Consider the argument of Lucy in Rupp v. Bonta. Her arguments are about how much impact public mass shootings have on society as a whole. Is the state going to argue that “impact on society as a whole” is a new societal problem?

If the state can get the judge to agree that it is a new societal problem, then they are going to argue that the restrictions that were put in place in response to older perceived societal problems is an acceptable and constitutional action today.

While the historical analogies here and in Heller are relatively simple to draw, other cases implicating unprecedented societal concerns or dramatic technological changes may require a more nuanced approach. The regulatory challenges posed by firearms today are not always the same as those that preoccupied the Founders in 1791 or the Reconstruction generation in 1868. Fortunately, the Founders created a Constitution—and a Second Amendment—”intended to endure for ages to come, and consequently, to be adapted to the various crises of human affairs.” McCulloch v. Maryland, 4 Wheat. 316, 415, 4 L.Ed. 579 (1819) (emphasis deleted). Although its meaning is fixed according to the understandings of those who ratified it, the Constitution can, and must, apply to circumstances beyond those the Founders specifically anticipated. See, e.g., United States v. Jones, 565 U.S. 400, 404-405, 132 S.Ct. 945, 181 L.Ed.2d 911 (2012) (holding that installation of a tracking device was “a physical intrusion [that] would have been considered a `search’ within the meaning of the Fourth Amendment when it was adopted”).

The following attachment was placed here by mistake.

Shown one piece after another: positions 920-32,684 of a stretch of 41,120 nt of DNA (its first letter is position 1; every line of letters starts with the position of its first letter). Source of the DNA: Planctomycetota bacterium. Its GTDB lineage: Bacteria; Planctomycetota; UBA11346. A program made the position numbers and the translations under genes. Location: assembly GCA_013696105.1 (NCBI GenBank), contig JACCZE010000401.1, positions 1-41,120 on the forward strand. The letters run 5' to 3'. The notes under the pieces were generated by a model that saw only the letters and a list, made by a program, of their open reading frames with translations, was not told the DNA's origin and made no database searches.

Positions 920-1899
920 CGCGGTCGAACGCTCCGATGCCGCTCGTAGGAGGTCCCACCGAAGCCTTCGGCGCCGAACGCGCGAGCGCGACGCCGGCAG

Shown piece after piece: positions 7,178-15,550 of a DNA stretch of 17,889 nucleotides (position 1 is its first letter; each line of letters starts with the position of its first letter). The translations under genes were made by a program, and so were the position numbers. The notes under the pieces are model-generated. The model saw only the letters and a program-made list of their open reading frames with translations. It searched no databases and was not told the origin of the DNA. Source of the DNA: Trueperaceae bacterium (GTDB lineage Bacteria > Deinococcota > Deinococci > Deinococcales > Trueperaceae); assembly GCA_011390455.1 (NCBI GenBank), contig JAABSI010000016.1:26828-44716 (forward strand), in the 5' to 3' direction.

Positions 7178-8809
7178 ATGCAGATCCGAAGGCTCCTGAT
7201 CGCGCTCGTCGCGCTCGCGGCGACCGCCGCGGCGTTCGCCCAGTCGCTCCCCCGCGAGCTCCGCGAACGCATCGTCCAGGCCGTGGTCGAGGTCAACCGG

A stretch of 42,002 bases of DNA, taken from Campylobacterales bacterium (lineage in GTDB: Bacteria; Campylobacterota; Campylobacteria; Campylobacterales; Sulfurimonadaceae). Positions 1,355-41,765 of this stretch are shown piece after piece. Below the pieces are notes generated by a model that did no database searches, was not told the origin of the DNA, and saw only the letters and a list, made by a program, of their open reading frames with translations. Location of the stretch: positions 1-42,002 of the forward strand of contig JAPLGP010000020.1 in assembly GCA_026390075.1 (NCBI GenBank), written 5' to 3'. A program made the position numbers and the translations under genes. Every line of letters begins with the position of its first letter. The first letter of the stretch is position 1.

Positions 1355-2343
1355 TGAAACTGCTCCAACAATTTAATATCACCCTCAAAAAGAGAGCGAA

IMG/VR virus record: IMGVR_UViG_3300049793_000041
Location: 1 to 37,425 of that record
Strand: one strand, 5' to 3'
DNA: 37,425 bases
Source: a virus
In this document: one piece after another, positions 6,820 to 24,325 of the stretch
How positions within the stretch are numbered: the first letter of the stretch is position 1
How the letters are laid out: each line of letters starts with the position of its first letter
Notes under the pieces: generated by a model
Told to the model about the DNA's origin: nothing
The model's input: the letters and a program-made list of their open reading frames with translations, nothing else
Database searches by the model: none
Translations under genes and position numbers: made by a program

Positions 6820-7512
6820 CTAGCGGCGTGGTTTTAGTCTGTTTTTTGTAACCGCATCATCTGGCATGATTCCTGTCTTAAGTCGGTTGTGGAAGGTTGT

Id. at P. 2132

Double emphasis added.

And that is the goal, if the state can convince the court that this is a new societal problem then the court will be asked for to apply a more nuanced approache which will quickly become the new means-end of Second Amendment litigation.